Urquiola sits on the advisory board of the Politecnico of Milan University and the Triennale Milano Design Museum. She has taught interior design at the Domus Academy in Milan and lectured at Harvard University, University of Michigan, Shenkar School of Engineering and Design in Israel, the Alvar Aalto Academy in Finland, and Bocconi University in Milan. She has been a featured speaker at Design Shanghai, Design Week in Istanbul, the Expressive Design Conference at the Vitra Design Museum, Germany’s Weil am Rhein, the Bloomberg Design Conference in San Francisco, Festarch Perugia, the Mind Festival in Sarzana, the Mantova Literature Festival, and numerous events in Italy.
Among her many accolades are Designer of the Year by Wallpaper, Elle Decor International, AD España and Architecktur und Wohnen magazines. Highest among Urquiola’s honors is the Golden Medal for Merits in Art, awarded to her by the Spanish government, and the Cross of the Order of Isabella the Catholic, presented to her by His Majesty Juan Carlos I, King of Spain. Her work has been exhibited at MOMA in New York, the Decorative Arts Museum in Paris, the Triennale Museum in Milan, the Design Museum in Monaco, the National Gallery of Victoria in Melbourne, the Vitra Design Museum in Basel, the Victoria & Albert Museum in London, the Design Museum in Zurich, the Stedelijk Museum of modern and contemporary art in Amsterdam, the Design Museum of Barcelona, and the Philadelphia Art Museum. A retrospective of Urquiola’s work entitled “Patricia Urquiola. Nature Morte Vivante” was held at the Madrid Design Festival.
“Exploring the mind of Patricia Urquiola offers many surprises, among them, discovering the unexpected themes that feed her voracious curiosity: virtual reality, economy, politics, artificial intelligence, the theory of color, the Anthropocene, robotics, ecology, sustainability, gender issues, man and machines, and so on. They are the foundation of an entire way of thinking that is imperative to the responsibility and coherence of a person that carefully introduces each new object of her creation into this agonizing and ill-treated planet. Patricia Urquiola´s career reveals a “rhizomatic” attitude towards projects, a type of mindset that is also her work method. Thus, all the elements involved have the same importance and influence each other horizontally, without imposing hierarchies.” explained Ana Dominguez Siemens, the curator of the exhibition.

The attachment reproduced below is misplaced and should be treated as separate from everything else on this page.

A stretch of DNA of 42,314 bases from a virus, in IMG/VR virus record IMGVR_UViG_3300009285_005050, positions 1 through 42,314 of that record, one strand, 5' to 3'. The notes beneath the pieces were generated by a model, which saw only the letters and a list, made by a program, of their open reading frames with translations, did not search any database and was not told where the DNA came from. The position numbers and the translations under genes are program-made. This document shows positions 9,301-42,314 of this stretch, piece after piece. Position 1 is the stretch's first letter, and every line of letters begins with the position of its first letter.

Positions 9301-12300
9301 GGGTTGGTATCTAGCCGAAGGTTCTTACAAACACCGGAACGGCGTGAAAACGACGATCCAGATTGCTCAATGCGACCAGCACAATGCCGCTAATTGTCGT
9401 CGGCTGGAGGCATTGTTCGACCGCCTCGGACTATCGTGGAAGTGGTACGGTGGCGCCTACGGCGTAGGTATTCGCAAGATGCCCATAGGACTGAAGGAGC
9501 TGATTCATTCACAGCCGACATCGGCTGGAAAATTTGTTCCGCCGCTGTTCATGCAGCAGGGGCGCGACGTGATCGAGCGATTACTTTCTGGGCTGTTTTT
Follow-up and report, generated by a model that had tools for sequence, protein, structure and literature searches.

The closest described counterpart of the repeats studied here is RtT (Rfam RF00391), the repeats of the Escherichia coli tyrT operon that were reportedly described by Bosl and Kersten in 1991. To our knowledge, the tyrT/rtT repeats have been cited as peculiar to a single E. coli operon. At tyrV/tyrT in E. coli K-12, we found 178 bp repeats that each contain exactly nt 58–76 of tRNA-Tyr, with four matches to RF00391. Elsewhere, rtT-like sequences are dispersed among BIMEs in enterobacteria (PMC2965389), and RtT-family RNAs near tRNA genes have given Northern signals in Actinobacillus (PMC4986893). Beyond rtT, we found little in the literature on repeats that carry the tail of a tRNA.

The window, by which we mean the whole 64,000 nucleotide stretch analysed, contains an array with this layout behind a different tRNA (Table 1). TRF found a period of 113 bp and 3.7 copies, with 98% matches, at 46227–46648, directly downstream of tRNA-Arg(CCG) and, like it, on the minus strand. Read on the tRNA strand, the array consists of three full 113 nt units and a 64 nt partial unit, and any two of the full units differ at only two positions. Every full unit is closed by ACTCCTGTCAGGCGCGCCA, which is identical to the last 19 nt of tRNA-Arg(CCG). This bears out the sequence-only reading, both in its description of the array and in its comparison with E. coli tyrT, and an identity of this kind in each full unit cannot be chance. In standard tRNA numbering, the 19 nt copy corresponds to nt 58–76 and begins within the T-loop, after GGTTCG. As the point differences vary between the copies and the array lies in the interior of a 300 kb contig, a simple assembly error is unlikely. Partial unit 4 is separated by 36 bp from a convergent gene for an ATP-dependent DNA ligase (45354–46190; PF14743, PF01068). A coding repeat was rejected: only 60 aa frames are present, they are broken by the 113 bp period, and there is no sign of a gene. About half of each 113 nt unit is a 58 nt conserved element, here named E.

Spanish by birth, Italian by choice, the work of this international visionary forces us to reconsider our relationship to our environment and make us wonder, and question, why. She contemplates our footprint and our handprint and follows Italo Calvino’s Six Memos for the Next Millennium as a template for living: Lightness: how to be light in the heaviness of living. Quickness: and yet to take time to enjoy the process. Exactitude: how to be precise yet flexible in your life, and the concepts of visibility, multiplicity, and consistency. The search for answers to such eternal questions stimulates and empowers the international rock star of architecture and design known as Patricia Urquiola.
Editor’s note: Studio Urquiola is found at via Bartolomeo Eustachi, 45-20129 in Milan, Italy. www.patriciaurquiola.com.
By Emma Hamilton